How NAIT followed the blood to find new efficiencies for Alberta Health.
Sometimes costs need to be counted drop by drop and minute by minute - especially when it comes to the long-term sustainability of the health-care system.
That's why Alberta Health asked NAIT to help identify the costs associated with getting a unit of blood transfused to a patient from the time it was delivered to the hospital by Canadian Blood Services. It had never been done before and required specialized skills. "The diverse expertise that NAIT could offer was above and beyond what either Alberta Health or AHS had available," says Samantha Cassie, manager of the province's blood coordinating program.
The result, she adds, was a "robust, detailed and user-friendly costing tool" that will help them take advantage of efficiencies.
"This was a relatively large, complex thing to track," said Dr. Olle Lagerquist, associate dean of applied research in NAIT's School of Applied Sciences and Technology. Lagerquist, the project's principal investigator, assembled a team with skills in accounting, IT, business administration as well as several lab technologists.
Once Canadian Blood Services delivers a unit of blood to a hospital -in this case the Edmonton Royal Alexandra Hospital in 2014 - it travels a complex path where it may be tested and stored numerous times before it reaches a patient.
"You have nurses involved, you have porters, you have technicians, technologists and an awful lot of equipment," said Lagerquist.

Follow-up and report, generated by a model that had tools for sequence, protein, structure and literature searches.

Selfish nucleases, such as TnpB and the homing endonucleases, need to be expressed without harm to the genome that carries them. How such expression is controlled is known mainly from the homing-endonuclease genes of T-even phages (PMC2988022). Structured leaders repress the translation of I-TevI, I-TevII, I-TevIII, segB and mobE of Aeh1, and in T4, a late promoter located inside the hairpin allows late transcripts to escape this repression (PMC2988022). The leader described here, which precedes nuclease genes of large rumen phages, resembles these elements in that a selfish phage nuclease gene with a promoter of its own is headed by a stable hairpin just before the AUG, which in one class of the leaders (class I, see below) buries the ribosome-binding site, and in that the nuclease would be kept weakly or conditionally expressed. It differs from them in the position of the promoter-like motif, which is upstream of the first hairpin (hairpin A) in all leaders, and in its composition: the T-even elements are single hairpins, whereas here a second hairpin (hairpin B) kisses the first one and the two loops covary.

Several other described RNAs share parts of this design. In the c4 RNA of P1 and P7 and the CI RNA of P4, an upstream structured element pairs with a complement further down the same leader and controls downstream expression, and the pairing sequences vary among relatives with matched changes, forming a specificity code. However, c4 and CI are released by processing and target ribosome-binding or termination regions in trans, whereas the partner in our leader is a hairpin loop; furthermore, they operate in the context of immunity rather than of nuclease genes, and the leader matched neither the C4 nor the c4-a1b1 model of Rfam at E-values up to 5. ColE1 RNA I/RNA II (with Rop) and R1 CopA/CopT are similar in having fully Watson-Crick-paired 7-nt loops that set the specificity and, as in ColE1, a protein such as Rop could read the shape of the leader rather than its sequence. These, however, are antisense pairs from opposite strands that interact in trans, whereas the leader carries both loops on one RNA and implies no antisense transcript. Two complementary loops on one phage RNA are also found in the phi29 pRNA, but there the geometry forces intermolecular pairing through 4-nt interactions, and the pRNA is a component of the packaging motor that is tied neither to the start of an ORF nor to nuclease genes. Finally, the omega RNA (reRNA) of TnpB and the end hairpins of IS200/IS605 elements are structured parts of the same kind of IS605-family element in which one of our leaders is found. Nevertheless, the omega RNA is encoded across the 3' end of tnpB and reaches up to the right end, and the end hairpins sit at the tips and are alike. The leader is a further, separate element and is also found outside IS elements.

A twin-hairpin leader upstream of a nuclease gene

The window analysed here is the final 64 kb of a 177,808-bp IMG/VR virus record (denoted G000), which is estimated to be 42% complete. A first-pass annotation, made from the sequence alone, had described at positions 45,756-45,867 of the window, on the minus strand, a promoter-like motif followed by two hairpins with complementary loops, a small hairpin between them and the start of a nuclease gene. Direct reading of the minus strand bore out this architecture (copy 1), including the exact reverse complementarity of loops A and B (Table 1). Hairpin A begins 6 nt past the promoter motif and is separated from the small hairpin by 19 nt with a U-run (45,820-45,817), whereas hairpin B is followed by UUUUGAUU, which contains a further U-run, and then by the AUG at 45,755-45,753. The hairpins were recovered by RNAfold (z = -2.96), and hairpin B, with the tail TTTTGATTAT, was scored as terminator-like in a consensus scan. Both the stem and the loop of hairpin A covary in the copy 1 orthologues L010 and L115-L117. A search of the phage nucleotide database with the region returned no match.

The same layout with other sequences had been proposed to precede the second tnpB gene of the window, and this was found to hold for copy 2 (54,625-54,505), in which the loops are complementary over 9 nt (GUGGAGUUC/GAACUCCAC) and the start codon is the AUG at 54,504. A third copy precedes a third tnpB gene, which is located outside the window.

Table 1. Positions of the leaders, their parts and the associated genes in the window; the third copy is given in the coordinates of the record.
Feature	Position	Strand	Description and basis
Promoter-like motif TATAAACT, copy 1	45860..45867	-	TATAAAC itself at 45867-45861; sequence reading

The NAIT team tracked the process onsite, using stopwatches to record the time spent on each test and converting that to labour costs. They also recorded equipment used and discarded, such as the number of latex gloves. The number of times the blood was tested and stored was also tracked, as well as how often it was transferred, how long it took and even by whom working at what pay scale.
The rigour in the study was important, says respiratory therapy instructor and project researcher Graham Werstiuk (Respiratory Therapy '06). "In order to make decisions, you need to have some good, hard data of what it actually costs the system."
The final cost: $7 million for 10,475 units of blood, 99 per cent of which were transfused into patients. That's $666.10 for each unit, which includes the $423 paid to Canadian Blood Services per unit and $243.10 in costs to transfer, refrigerate, store, test and transfuse. More than 42,000 latex gloves were used in the process.
Cassie says Alberta's blood coordinating program now has the information it needs to make informed decisions to improve processes. "We were pleased with the costing tool and hope to use it in other scenarios, such as regional or rural sites," she says. They've even shared the results with health-care colleagues in Ontario.
In the coming months, the NAIT team hopes to start work on tracking the process in health-care facilities in smaller centres.